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I am thinking about something like this:

public static <T extends Comparable<T>> T minOf(T...ts){        
    SortedSet<T> set = new TreeSet<T>(Arrays.asList(ts));
    return set.first();

public static <T extends Comparable<T>> T maxOf(T...ts){
    SortedSet<T> set = new TreeSet<T>(Arrays.asList(ts));
    return set.last();

But is not null safe, which is something I want too.

Do you know a better way to solve this problem?


After the comments I have also tried min():

public static <T extends Comparable<T>> T minOf(T...ts){        
    return Collections.min(Arrays.asList(ts), new Comparator<T>(){

        public int compare(T o1, T o2) {
            if(o1!=null && o2!=null){
                return o1.compareTo(o2);
            }else if(o1!=null){
                return 1;
                return -1;  

What do you think of that?

share|improve this question
That's inefficient since you need O(n log n) compares, since the TreeSet effectively sorts the Collection, where n compares suffice. Also, you create a lot of unneccessary garbage (Arrays.asList creates a copy of "ts", and the TreeSet is not lightweight, too). – mfx Dec 15 '08 at 19:23
Arrays.asList does not make a copy of the array. – Tom Hawtin - tackline Dec 15 '08 at 19:34
Yes that would work, but why not declare and name that comparator else where so its reusable? Then instead of using this minOf function, just call the standard Collections.min with that named comparator. Your code becomes much more readable by using standard library calls. – Pyrolistical Dec 15 '08 at 19:44
I would say to use Arrays.sort then check the elements near the front and back, but it throws a NullPointerException if the array contains a null element. – Powerlord Dec 15 '08 at 19:51
for best results you want to use <T extends Comparable<? super T>> – newacct Jun 9 '11 at 10:13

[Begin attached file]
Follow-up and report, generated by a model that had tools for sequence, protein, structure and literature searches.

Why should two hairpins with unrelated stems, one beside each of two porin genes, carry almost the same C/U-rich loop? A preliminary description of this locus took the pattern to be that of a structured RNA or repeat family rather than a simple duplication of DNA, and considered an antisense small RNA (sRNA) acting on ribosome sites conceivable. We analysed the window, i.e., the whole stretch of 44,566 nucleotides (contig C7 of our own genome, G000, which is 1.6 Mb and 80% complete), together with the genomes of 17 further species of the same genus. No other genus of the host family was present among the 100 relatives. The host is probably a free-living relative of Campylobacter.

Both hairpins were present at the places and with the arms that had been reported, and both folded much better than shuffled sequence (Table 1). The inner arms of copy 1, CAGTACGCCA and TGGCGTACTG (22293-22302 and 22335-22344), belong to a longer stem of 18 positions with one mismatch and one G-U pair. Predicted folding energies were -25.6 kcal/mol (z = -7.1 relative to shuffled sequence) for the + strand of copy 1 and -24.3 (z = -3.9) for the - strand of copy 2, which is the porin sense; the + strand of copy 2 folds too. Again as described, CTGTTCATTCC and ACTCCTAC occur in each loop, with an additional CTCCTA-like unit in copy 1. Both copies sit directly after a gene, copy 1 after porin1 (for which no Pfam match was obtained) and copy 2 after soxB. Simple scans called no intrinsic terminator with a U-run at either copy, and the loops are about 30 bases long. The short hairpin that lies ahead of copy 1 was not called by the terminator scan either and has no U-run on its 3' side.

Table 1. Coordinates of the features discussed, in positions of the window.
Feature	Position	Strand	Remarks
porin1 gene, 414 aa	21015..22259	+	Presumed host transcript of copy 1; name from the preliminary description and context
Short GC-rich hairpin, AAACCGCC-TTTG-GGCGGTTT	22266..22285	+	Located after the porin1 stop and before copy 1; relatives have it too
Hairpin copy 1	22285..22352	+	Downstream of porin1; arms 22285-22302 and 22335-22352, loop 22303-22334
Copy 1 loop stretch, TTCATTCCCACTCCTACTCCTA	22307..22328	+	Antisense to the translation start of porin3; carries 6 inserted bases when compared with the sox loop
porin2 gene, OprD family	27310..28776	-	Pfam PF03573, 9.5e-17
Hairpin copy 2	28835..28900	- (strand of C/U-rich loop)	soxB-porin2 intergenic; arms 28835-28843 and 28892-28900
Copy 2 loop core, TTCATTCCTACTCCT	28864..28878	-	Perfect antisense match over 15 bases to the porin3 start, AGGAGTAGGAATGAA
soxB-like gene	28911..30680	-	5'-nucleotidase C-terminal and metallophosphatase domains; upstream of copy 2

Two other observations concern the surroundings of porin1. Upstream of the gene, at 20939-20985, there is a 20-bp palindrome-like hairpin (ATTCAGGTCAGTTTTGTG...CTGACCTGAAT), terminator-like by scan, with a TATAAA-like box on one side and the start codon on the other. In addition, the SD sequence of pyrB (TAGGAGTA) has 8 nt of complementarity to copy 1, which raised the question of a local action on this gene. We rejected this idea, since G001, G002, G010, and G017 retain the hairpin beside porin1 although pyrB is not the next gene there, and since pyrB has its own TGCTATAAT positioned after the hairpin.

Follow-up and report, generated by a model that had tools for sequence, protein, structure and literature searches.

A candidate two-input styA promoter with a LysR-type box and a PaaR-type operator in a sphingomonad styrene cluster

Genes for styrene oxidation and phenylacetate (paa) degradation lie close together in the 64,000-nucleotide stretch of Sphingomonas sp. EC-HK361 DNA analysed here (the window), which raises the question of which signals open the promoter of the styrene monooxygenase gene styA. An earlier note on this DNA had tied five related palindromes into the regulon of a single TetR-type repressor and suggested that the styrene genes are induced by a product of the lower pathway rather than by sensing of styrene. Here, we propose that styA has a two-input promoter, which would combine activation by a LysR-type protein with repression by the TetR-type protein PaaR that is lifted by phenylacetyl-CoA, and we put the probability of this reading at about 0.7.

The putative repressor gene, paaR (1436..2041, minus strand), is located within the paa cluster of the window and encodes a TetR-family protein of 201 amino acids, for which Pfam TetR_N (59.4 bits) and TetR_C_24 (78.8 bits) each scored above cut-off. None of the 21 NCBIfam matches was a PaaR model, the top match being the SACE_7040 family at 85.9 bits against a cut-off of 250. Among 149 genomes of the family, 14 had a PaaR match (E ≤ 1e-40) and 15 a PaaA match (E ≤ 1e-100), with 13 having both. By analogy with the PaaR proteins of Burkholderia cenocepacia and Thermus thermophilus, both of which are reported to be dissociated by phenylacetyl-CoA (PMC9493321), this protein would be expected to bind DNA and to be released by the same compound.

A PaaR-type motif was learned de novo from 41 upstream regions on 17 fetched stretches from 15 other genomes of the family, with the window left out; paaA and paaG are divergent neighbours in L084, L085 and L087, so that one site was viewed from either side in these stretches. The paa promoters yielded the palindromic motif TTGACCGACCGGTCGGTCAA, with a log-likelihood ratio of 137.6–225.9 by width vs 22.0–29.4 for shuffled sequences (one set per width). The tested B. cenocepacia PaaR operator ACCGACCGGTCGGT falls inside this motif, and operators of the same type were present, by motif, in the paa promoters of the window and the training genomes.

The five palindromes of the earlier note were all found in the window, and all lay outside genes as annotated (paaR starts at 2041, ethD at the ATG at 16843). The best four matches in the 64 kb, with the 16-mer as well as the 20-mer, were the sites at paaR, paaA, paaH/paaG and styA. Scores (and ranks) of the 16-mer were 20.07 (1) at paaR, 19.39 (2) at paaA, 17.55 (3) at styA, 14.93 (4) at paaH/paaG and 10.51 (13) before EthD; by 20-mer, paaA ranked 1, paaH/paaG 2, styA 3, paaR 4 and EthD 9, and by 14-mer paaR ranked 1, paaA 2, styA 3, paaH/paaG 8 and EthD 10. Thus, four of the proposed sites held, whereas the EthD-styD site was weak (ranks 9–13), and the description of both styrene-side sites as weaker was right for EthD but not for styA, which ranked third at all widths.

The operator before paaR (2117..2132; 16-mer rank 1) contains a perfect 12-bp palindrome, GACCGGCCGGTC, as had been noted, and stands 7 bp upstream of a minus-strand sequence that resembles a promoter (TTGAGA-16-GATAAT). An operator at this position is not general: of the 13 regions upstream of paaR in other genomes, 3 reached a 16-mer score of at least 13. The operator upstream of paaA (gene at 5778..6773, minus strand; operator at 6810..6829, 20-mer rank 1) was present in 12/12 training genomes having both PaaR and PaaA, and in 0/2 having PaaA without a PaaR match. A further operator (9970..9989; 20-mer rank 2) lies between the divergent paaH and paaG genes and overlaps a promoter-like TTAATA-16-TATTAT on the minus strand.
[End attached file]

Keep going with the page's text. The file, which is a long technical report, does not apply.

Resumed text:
up vote 34 down vote accepted

What's wrong with Collections.max?

And why do you care about null safety? Are you sure you want to allow nulls to be in your Collection?

share|improve this answer
The question was for max and min. Collections.max() will look at every element. Then doing Collections.min() will again look at every element. So maybe sort just once is faster. – Yetti99 Mar 25 '15 at 18:11
@Yetti99 sorting will be slower because it is O(n log n) and max + min is O(2n). What would be a little better is to do a single loop and update both max and min in it. And the OP does not seem to require both in a single function. – Ciro Santilli 六四事件 法轮功 包卓轩 Jun 2 '15 at 12:15
@Ciro Santilli 六四事件 法轮功 纳米比亚胡海峰 You are right about average complicity of a sort. But if a list is nearly in order the complexity will be O(n) best case. And then its quite possible that the application may need to have the list sorted for some other reason. – Yetti99 Jun 4 '15 at 21:37

If you really need to exclude "null" from the result, and you can't prevent it from being in your array, then maybe you should just iterate through the array with a simple loop and keep track of the "min" and "max" in separate variables. You can still use the "compare()" method on each object to compare it with your current "min" and "max" values. This way, you can add your own code for checking for nulls and ignoring them.

EDIT: here's some code to illustrate what I'm talking about. Unfortunately there is an edge case you need to consider - what if all of the arguments passed in are null? What does your method return?

public static <T extends Comparable<T>> T minOf(T...ts){
	T min = null;
	for (T t : ts) {
		if (t != null && (min == null || t.compareTo(min) < 0)) {
			min = t;
	return min;

public static <T extends Comparable<T>> T maxOf(T...ts){
	T max = null;
	for (T t : ts) {
		if (t != null && (max == null || t.compareTo(max) > 0)) {
			max = t;
	return max;
share|improve this answer

You should not implement Comparable to accept null, as it breaks the interface's contract.

From :

Note that null is not an instance of any class, and e.compareTo(null) should throw a NullPointerException even though e.equals(null) returns false.

You must instead create a new interface, e.g. ComparableNull instead.

See also:

share|improve this answer

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